Imagine; you live in a small community on a remote island in the Pacific Ocean where a hardworking life is simple and fulfilling. One day you are told that a group of 20 will be travelling to your island to study it, using your resources and living amongst you for over a week. The people of Isla Natividad welcomed us with more than just open arms. During our first meeting, they remained patient while some of us tried to speak our best broken Spanish, were genuinely curious about our projects and most of all, elated to help. Mayte, the island’s tourism director, was constantly making herself available to provide us transportation on the island and show us around. Captains Rafael and Jesus drove the SCUBA teams to their sites everyday accompanied by divemasters Ivan and Johnny. Needless to say, they wanted to be involved as much as possible, and it was much appreciated!
Studying on Isla Natividad was something that I didn’t want to end. Not only because of their way of life and friendly locals, but because there is so much more to explore. My intertidal project comparing invertebrate and algal cover inside and outside one of the MPA’s was barely the tip of the iceberg. After a week of exploring the intertidal, I was left with more questions than when I arrived. A workday consisted of sampling transects at low tide, then exploring tide pools to look for juvenile opaleye and sea hares while simultaneously birdwatching the osprey nested on “castle rock” as referred to by locals(basically multitasking at its finest).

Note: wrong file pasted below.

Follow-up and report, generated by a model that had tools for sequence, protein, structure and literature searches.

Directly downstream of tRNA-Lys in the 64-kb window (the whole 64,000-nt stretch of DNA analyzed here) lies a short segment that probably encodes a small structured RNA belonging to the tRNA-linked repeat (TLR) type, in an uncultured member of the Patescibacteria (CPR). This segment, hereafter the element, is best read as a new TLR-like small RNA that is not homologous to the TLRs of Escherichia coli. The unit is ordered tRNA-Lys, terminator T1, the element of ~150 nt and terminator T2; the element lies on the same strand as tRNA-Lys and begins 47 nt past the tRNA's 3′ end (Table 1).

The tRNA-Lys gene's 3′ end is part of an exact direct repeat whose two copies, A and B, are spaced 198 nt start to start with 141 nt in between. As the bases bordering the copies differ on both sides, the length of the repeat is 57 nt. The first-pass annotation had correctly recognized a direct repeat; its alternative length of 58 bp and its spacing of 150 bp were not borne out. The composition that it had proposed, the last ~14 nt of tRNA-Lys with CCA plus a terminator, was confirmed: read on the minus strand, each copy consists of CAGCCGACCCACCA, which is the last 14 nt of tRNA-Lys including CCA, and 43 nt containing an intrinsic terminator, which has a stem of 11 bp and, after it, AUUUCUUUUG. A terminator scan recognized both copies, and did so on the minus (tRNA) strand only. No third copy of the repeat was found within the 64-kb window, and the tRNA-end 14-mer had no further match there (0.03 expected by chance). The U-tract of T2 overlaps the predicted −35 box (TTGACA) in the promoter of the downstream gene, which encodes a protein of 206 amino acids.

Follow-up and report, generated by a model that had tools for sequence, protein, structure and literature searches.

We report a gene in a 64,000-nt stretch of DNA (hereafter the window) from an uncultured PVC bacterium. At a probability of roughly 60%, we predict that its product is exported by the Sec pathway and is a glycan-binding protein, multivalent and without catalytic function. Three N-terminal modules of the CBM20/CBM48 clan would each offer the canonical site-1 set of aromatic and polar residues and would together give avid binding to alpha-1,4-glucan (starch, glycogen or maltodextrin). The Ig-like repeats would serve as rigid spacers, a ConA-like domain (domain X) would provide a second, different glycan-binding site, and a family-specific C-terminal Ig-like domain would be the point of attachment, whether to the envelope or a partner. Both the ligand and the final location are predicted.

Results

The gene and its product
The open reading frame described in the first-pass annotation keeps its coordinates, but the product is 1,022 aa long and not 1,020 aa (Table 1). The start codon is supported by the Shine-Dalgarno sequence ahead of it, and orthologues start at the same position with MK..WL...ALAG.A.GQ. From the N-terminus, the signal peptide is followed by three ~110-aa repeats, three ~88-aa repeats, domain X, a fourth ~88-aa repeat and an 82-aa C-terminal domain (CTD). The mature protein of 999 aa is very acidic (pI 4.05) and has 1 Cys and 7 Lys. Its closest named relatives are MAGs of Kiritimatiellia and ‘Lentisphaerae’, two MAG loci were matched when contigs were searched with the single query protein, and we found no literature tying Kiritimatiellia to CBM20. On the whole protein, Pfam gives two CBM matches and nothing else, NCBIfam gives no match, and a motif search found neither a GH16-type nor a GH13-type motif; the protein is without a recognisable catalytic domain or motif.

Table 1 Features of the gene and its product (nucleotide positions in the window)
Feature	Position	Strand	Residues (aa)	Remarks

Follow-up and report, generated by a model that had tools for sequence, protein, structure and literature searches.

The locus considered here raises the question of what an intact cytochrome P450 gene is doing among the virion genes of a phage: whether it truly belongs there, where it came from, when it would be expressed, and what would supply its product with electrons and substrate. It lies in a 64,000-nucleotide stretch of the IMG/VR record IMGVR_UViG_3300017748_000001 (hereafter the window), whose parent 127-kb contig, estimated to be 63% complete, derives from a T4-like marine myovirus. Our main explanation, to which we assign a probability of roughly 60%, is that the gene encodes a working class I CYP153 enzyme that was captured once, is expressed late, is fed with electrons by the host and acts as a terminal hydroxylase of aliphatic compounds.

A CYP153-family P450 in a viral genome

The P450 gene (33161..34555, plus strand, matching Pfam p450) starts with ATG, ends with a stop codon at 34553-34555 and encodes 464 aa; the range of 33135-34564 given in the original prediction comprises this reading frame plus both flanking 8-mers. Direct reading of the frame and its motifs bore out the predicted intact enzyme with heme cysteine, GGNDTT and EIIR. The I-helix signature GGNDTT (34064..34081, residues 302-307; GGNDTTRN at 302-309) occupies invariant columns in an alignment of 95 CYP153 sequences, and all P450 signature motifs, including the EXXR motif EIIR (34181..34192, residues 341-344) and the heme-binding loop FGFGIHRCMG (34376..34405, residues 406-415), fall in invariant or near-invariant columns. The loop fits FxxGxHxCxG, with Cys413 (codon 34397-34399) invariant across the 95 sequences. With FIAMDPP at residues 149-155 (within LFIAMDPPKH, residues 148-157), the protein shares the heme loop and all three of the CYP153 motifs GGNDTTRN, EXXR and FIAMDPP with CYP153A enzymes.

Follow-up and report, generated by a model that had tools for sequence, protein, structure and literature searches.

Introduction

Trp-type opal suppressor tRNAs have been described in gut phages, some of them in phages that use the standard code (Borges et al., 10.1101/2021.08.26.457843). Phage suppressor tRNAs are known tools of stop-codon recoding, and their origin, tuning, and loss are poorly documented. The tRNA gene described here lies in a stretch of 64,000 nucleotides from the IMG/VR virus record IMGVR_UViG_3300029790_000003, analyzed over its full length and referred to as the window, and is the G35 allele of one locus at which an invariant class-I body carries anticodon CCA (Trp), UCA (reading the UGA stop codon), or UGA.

I am truly appreciative for this experience and have learned so much in such a short amount of time. I hope my trip to Isla Natividad was not a once in a lifetime experience, but if so, I am grateful I was able to explore and contribute to the scientific understanding of this unique island.